Document 10593056

Testimony Joel Holtrop, Deputy Chief State and Private Forestry USDA Forest Service United States Department of Agriculture Before the Committee on Indian Affairs United States Senate July 14, 2004 Mr. Chairman and Members of the Committee:
I am Joel Holtrop, Deputy Chief, State and Private Forestry (S&PF), USDA Forest Service. It is
the responsibility of the S&PF to provide technical and financial assistance to landowners and
natural resource managers to help sustain the Nation’s urban and rural forests and to protect
communities and the environment from wildland fire. Among our important partners in this
endeavor are tribal governments. Recently, the Forest Service established an Office for Tribal
Relations within S&PF that I will discuss later in my statement.
Thank you for this opportunity to provide the Department of Agriculture’s views on the
interpretation and implementation of the American Indian Religious Freedom Act of 1978
(AIRFA) and follow-up laws in two main areas: repatriation and protection of sacred places.
AIRFA declares that “…it shall be the policy of the United States to protect and preserve for
American Indians their inherent right of freedom to believe, express, and exercise the traditional
religions of the American Indian, Eskimo, Aleut, and Native Hawaiians including but not limited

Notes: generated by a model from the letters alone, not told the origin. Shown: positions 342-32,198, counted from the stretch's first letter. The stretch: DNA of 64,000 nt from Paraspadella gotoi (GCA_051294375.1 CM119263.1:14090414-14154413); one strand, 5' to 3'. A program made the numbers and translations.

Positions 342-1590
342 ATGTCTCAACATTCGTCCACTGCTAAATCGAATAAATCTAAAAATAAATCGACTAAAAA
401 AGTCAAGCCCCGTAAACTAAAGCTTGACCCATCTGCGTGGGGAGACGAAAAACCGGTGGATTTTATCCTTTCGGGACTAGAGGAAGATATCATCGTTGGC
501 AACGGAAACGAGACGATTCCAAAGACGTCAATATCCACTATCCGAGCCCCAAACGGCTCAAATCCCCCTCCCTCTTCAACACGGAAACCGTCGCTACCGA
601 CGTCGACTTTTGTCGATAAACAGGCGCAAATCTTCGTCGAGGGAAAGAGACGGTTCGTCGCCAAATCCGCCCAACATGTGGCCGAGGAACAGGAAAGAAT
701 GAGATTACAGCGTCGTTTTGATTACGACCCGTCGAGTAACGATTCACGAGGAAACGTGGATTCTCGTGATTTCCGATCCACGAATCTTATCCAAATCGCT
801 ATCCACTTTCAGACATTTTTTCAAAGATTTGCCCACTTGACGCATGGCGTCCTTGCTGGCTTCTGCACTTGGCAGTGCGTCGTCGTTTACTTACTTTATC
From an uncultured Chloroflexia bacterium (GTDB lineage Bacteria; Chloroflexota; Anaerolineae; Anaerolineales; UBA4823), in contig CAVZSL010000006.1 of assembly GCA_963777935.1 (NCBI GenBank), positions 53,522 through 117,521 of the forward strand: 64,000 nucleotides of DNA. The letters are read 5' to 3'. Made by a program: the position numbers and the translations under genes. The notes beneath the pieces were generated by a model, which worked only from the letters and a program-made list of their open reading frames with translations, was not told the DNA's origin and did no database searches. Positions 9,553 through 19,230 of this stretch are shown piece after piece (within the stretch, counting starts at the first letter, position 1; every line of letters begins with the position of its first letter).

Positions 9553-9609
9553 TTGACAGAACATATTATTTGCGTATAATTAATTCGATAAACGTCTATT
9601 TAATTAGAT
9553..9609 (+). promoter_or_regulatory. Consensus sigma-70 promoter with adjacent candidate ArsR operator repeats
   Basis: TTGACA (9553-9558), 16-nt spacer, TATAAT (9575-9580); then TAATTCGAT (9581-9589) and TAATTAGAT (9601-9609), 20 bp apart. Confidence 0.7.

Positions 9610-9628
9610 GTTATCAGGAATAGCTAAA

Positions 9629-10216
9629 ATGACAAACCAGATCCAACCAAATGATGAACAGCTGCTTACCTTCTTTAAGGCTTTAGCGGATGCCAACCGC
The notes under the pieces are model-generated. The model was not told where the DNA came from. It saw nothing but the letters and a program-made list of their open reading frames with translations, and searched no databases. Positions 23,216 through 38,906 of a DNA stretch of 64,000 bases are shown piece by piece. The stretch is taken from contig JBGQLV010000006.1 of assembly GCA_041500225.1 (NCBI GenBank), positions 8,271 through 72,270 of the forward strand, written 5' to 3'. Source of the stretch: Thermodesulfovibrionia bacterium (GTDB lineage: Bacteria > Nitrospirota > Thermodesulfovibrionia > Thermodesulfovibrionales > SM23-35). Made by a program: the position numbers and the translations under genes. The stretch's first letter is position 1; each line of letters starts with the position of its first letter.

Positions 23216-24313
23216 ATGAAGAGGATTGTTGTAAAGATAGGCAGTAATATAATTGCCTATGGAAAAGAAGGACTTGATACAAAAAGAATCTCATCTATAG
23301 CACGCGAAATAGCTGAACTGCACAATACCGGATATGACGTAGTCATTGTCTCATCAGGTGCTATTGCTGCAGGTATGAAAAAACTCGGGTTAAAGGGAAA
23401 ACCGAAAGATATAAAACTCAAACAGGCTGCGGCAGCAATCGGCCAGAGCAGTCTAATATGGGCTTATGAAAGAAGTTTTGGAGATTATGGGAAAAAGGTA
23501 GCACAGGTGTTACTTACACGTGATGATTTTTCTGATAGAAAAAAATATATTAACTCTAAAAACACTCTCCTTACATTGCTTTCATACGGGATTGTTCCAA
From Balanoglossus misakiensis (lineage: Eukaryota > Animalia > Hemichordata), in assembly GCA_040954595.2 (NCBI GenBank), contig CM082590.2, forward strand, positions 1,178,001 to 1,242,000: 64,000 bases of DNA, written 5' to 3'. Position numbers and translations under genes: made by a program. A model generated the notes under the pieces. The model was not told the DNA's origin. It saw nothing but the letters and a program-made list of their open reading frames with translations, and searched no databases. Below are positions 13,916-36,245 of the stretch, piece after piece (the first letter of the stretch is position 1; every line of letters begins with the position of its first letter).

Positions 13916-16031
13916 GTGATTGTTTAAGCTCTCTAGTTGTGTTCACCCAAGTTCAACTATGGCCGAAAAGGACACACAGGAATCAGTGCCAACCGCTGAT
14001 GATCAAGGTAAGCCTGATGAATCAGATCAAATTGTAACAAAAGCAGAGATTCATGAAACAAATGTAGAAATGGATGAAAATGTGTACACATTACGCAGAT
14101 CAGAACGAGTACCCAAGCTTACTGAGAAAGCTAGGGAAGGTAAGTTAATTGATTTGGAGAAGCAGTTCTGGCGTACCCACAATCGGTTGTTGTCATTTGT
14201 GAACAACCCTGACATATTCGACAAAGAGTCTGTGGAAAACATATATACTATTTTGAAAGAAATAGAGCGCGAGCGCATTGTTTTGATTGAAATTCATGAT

to access to sites, use and possession of sacred objects and the freedom to worship through
ceremonial and traditional rites.” The Act explicitly recognizes the importance of traditional
Indian religious practices and directs all federal agencies to ensure that their policies will not
abridge the free exercise of Indian religions.
The USDA Forest Service manages 192 million acres of public lands for multiple use
nationwide, including lands in 44 States, Puerto Rico and the Virgin Islands. The National Forest
System (NFS) includes 155 National Forests, 20 National Grasslands, 20 National recreation
areas, a National tall grass prairie, and 4 National monuments. The NFS is managed for multiple
use, including timber production, recreation, wilderness, minerals, grazing, fish and wildlife
habitat management, and soil and water conservation. The Forest Service Heritage program